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Author Topic: New vegetables  (Read 10384 times)
David Bracey
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« Reply #30 on: December 05, 2014, 08:09:13 AM »

I have just read that Peru is one of the largest asparagus producers in the world.  Perhaps this answers my first question. 

Production in Peru opens many enviromental questions.  This is probably not the forum for such a discussion?
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 I have gardened in sub-tropical Florida, maritime UK, continental Europe and the Mediterranean basin, France. Of the 4 I have found that the most difficult climate for gardening is the latter.
meltemi
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« Reply #31 on: December 05, 2014, 11:18:37 AM »

The Turkish villagers here also gather the curling tendrils of a climbing vine Smilax excelsa, often seen encircling the many kermes oaks on our phryghana slope, to be used in soups and omelettes, as well as the aforementioned wild asparagus - it is also host to an abundance of wild mushroooms a type of chanterelle, of which i gathered several kilos yesterday. İt is a foragers' paradise here.
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Trevor Australis
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« Reply #32 on: December 08, 2014, 06:36:04 AM »

I think it's an OK subject David. We get asparagus from Peru too - as well as from Mexico, California and China. It's out of season, naturally but it does pose ethical challenges about air-miles and 3rd World poverty. We can buy 2 bunches of Peruvian asparagus for $2. If the air transport costs are taken out, and the profits for the middlemen and the retailer what on Earth are those who grow it getting. It must be a pittance. Our Free Trade Agreements 'open' our market to this produce but at what societal cost? I won't buy it.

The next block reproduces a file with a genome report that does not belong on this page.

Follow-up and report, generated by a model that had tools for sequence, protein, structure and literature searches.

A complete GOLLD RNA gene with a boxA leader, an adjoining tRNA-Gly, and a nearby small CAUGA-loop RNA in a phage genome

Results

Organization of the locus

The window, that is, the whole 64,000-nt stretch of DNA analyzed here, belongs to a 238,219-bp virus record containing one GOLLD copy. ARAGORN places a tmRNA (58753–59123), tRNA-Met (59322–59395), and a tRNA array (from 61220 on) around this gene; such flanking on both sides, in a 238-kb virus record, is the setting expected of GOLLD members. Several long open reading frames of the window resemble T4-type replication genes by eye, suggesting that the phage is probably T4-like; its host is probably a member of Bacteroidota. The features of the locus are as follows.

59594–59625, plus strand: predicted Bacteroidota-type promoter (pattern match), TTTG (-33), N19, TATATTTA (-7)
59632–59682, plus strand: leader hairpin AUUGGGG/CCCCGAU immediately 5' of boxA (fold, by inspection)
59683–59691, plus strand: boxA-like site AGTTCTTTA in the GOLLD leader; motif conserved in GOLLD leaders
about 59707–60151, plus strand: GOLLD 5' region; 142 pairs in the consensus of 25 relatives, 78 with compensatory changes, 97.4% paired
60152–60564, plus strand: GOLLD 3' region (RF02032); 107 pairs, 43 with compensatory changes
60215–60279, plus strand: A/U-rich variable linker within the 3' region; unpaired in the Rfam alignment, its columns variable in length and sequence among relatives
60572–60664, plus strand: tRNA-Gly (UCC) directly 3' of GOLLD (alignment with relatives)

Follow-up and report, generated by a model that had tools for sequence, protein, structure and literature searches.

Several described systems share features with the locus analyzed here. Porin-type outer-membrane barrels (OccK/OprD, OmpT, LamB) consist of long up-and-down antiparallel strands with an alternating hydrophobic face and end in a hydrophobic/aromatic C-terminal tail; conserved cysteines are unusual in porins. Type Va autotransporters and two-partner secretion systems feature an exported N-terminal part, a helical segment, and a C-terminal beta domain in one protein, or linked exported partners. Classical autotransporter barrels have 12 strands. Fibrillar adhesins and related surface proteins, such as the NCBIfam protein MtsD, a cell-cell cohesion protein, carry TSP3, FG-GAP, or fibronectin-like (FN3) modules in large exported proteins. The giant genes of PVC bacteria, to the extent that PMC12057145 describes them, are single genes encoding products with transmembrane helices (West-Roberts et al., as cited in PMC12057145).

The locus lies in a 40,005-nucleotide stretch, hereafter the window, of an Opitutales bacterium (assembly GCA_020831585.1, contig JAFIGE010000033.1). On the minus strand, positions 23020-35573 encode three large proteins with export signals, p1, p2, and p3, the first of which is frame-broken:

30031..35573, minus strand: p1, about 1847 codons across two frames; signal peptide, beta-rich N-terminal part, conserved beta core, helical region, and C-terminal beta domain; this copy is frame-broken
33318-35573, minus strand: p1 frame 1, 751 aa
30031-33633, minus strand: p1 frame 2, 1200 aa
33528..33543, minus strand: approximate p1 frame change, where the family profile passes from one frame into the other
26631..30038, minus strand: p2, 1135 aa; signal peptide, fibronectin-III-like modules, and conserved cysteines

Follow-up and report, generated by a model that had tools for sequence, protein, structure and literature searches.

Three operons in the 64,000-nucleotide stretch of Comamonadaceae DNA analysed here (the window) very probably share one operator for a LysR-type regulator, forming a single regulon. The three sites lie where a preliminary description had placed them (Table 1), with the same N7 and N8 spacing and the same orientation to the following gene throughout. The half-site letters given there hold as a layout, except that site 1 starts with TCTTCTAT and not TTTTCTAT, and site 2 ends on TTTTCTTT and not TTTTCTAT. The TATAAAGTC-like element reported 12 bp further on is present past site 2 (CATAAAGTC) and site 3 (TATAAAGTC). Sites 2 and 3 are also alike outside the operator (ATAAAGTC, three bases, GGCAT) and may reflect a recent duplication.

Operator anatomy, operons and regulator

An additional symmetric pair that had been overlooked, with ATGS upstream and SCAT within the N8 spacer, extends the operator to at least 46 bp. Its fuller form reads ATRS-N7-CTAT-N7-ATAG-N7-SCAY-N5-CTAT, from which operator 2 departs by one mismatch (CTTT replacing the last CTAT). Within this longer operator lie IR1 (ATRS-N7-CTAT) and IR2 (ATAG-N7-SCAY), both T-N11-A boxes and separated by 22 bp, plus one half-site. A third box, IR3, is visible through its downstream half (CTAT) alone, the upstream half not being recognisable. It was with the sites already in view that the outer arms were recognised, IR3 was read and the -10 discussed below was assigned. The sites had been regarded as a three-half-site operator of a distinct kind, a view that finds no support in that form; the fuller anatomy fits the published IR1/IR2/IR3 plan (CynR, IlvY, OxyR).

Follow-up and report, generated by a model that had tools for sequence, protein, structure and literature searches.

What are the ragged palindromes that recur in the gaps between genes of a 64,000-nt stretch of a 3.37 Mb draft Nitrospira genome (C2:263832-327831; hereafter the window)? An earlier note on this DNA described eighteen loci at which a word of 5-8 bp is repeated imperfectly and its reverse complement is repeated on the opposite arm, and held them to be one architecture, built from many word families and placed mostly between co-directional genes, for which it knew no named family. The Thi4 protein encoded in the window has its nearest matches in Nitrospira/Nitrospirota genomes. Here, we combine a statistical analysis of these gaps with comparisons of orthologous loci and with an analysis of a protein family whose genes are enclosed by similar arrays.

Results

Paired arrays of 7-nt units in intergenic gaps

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John J
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« Reply #33 on: December 08, 2014, 08:07:17 AM »

David, I agree with Trevor that there's nothing wrong with the subject, maybe we should open a new thread for it?
To take up something else that Trevor said, regarding 'open' markets. Here in Cyprus they grow bananas (possibly not a good idea as they require a lot of water, but that's another matter), the small, sweet but not particularly aesthetically attractive variety. Since Cyprus joined the EU they have had to open their markets and allow the import of long, straight, more physically appealing bananas from Ecuador and other far flung places. The local producers are suffering in consequence even though, to my mind at least, the native ones are much sweeter than the alien imports and are cheaper. There is, as Trevor also points out, the question of air miles to be taken into consideration.
This is just one example, there are many more, as I'm sure there are in other countries.
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Cyprus Branch Head. Gardens in a field 40 m above sea level with reasonably fertile clay soil.